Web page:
Building formulae
Easy peasy STATA-like marginal effects with R
Functional peace of mind
It's lists all the way down
It's lists all the way down, part 2: We need to go deeper
Mapping a list of functions to a list of datasets with a list of columns as arguments
Teaching the tidyverse to beginners
Why I find tidyeval useful
tidyr::spread() and dplyr::rename_at() in action
Introducing brotools
Lesser known dplyr 0.7* tricks
Lesser known dplyr tricks
Lesser known purrr tricks
Make ggplot2 purrr
Functional programming and unit testing for data munging with R available on Leanpub
How to use jailbreakr
My free book has a cover!
Work on lists of datasets instead of individual datasets by using functional programming
Method of Simulated Moments with R
New website!
Nonlinear Gmm with R - Example with a logistic regression
Simulated Maximum Likelihood with R
Bootstrapping standard errors for difference-in-differences estimation with R
Careful with tryCatch
Data frame columns as arguments to dplyr functions
Export R output to a file
I've started writing a 'book': Functional programming and unit testing for data munging with R
Introduction to programming econometrics with R
Merge a list of datasets together
Object Oriented Programming with R: An example with a Cournot duopoly
R, R with Atlas, R with OpenBLAS and Revolution R Open: which is fastest?
Read a lot of datasets at once with R
Unit testing with R
Update to Introduction to programming econometrics with R
Using R as a Computer Algebra System with Ryacas

R is used to perform statistical analysis and doesn't focus on symbolic maths. But it is sometimes useful to let the computer derive a function for you (and have the analytic expression of said derivative), but maybe you don't want to leave your comfy R shell. It is possible to turn R into a full-fledged computer algebra system. CASs are tools that perform symbolic operations, such as getting the expression of the derivative of a user-defined (and thus completely arbitrary) function. Popular CASs include the proprietary Mathematica and Maple. There exists a lot of CASs under a Free Software license, Maxima (based on the very old Macsyma), Yacas, Xcas… In this post I will focus on Yacas and the `Ryacas`

libarary. There is also the possibility to use the `rSympy`

library that uses the `Sympy`

Python library, which has a lot more features than Yacas. However, depending on your operating system installation can be tricky as it also requires `rJava`

as a dependency.

Even though `Ryacas`

is quite nice to have, there are some issues though. For example, let's say you want the first derivative of a certain function f. If you use `Ryacas`

to get it, the returned object won't be a function. There is a way to “extract” the text from the returned object and make a function out of it. But there are still other issues; I'll discuss them later.

Installation should be rather painless. On Linux you need to install Yacas first, which should be available in the major distros' repositories. Then you can install `Ryacas`

from within the R shell. On Windows, you need to run these three commands (don't bother installing Yacas first):

```
install.packages('Ryacas')
library(Ryacas)
yacasInstall()
```

You can find more information on the project's page.

First, you must load `Ryacas`

and define symbols that you will use in your functions.

```
require("Ryacas")
```

```
## Loading required package: Ryacas Loading required package: XML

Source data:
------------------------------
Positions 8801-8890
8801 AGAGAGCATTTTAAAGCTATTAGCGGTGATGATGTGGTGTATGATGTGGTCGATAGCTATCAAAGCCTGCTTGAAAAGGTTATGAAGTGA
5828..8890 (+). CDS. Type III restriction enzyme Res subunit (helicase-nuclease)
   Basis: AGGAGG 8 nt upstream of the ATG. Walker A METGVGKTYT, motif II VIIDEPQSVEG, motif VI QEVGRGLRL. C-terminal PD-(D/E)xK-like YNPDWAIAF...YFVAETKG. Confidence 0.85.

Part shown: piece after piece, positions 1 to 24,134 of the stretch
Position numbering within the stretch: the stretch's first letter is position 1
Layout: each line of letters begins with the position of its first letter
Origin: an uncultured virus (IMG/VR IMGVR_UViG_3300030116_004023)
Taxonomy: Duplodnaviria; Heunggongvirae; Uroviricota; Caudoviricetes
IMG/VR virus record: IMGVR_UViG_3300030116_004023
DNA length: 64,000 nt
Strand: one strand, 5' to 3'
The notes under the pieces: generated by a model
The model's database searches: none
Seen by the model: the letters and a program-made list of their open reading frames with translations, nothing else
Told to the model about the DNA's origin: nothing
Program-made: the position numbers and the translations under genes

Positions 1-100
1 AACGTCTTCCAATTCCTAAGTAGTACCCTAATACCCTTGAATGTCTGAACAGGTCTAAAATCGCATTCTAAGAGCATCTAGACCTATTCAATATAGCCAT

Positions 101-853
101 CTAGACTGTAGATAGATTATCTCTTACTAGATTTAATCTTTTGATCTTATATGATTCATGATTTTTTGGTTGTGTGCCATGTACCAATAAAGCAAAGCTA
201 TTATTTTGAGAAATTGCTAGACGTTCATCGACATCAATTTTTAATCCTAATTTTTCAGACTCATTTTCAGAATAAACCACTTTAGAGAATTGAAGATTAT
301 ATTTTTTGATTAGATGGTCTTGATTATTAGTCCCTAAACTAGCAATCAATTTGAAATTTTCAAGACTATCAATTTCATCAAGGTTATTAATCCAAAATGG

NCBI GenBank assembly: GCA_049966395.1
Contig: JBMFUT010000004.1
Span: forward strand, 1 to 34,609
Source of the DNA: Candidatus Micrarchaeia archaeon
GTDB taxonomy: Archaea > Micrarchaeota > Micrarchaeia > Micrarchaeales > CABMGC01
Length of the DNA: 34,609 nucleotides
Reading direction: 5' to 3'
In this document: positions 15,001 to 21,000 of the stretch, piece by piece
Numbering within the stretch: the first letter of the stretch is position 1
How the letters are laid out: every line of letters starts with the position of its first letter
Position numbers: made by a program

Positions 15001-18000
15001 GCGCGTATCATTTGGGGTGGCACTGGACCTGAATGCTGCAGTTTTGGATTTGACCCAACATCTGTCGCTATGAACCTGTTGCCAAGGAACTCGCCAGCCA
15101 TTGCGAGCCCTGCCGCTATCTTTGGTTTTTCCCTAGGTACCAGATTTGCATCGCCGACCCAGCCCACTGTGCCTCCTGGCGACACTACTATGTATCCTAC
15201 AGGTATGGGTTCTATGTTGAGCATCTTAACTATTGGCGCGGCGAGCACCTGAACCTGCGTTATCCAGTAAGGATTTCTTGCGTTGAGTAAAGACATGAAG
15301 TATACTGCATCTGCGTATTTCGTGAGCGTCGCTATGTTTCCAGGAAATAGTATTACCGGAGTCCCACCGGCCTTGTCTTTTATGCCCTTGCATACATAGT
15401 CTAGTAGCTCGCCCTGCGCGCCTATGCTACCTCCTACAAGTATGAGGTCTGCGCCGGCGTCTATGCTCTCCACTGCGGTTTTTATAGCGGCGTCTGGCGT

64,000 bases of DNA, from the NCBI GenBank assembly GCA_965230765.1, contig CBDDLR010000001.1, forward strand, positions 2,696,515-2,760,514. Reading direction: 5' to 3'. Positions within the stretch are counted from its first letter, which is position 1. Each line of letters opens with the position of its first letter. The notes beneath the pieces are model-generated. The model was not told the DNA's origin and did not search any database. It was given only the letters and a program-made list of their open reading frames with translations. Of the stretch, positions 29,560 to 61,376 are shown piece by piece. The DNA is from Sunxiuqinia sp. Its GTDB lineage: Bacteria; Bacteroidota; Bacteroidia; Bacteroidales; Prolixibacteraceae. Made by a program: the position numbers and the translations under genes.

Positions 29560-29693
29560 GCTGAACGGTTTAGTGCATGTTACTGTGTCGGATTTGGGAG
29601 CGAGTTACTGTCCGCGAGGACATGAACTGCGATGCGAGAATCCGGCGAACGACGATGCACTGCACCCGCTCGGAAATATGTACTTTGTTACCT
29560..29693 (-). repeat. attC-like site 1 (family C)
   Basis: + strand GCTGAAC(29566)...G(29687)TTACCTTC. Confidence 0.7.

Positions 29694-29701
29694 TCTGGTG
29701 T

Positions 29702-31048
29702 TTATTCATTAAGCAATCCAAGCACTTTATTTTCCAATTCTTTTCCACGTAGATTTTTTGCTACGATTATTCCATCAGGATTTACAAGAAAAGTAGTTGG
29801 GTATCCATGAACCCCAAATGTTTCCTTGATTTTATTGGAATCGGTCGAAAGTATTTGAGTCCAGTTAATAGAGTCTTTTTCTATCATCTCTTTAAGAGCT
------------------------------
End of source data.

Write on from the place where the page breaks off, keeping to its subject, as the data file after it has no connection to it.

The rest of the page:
```

```
x <- Sym("x")
```

You can then define your fonctions:

```
my_func <- function(x) {
return(x/(x^2 + 3))
}
```

And you can get the derivative for instance:

```
my_deriv <- yacas(deriv(my_func(x), x))
```

```
## [1] "Starting Yacas!"
```

If you check the class of `my_deriv`

, you'll see that it is of class `yacas`

, which is not very useful. Let's «convert» it to a function:

```
my_deriv2 <- function(x) {
eval(parse(text = my_deriv$YacasForm))
}
```

We can then evaluate it. A lot of different operations are possible. But there are some problems.

You can't use elements of a vector as parameters of your function, i.e.:

```
theta <- Sym("theta")
func <- function(x) {
return(theta[1] * x + theta[2])
}
# Let's integrate this
Func <- yacas(Integrate(func(x), x))
```

returns `(x^2*theta)/2+NA*x;`

which is not quite what we want…there is a workaround however. Define your functions like this:

```
a <- Sym("a")
b <- Sym("b")
func2 <- function(x) {
return(a * x + b)
}
# Let's integrate this
Func2 <- yacas(Integrate(func2(x), x))
```

we get the expected result: `(x^2*a)/2+b*x;`

. Now replace `a`

and `b`

by the thetas:

```
Func2 <- gsub("a", "theta[1]", Func2$YacasForm)
Func2 <- gsub("b", "theta[2]", Func2)
```

Now we have what we want:

```
Func2
```

```
## [1] "(x^2*theta[1])/2+theta[2]*x;"
```

You can then copy-paste this result into a function.

Another problem is if you use built-in functions that are different between R and Yacas. For example:

```
my_log <- function(x) {
return(sin(log(2 + x)))
}
```

Now try to differentiate it:

```
dmy_log <- yacas(deriv(my_log(x), x))
```

you get: `Cos(Ln(x+2))/(x+2);`

. The problem with this, is that R doesn't recognize `Cos`

as the cosine (which is `cos`

in R) and the same goes for `Ln`

. These are valid Yacas functions, but that is not the case in R. So you'll have to use `gsub`

to replace these functions and then copy paste the end result into a function.

While it has some flaws, `Ryacas`

can be quite useful if you need to derive or integrate complicated expressions that you then want to use in R. Using some of the tricks I showed here, you should be able to overcome some of its shortcomings. If installation of `rJava`

and thus `rSympy`

becomes easier, I'll probably also do a short blog-post about it, as it has more features than `Ryacas`

.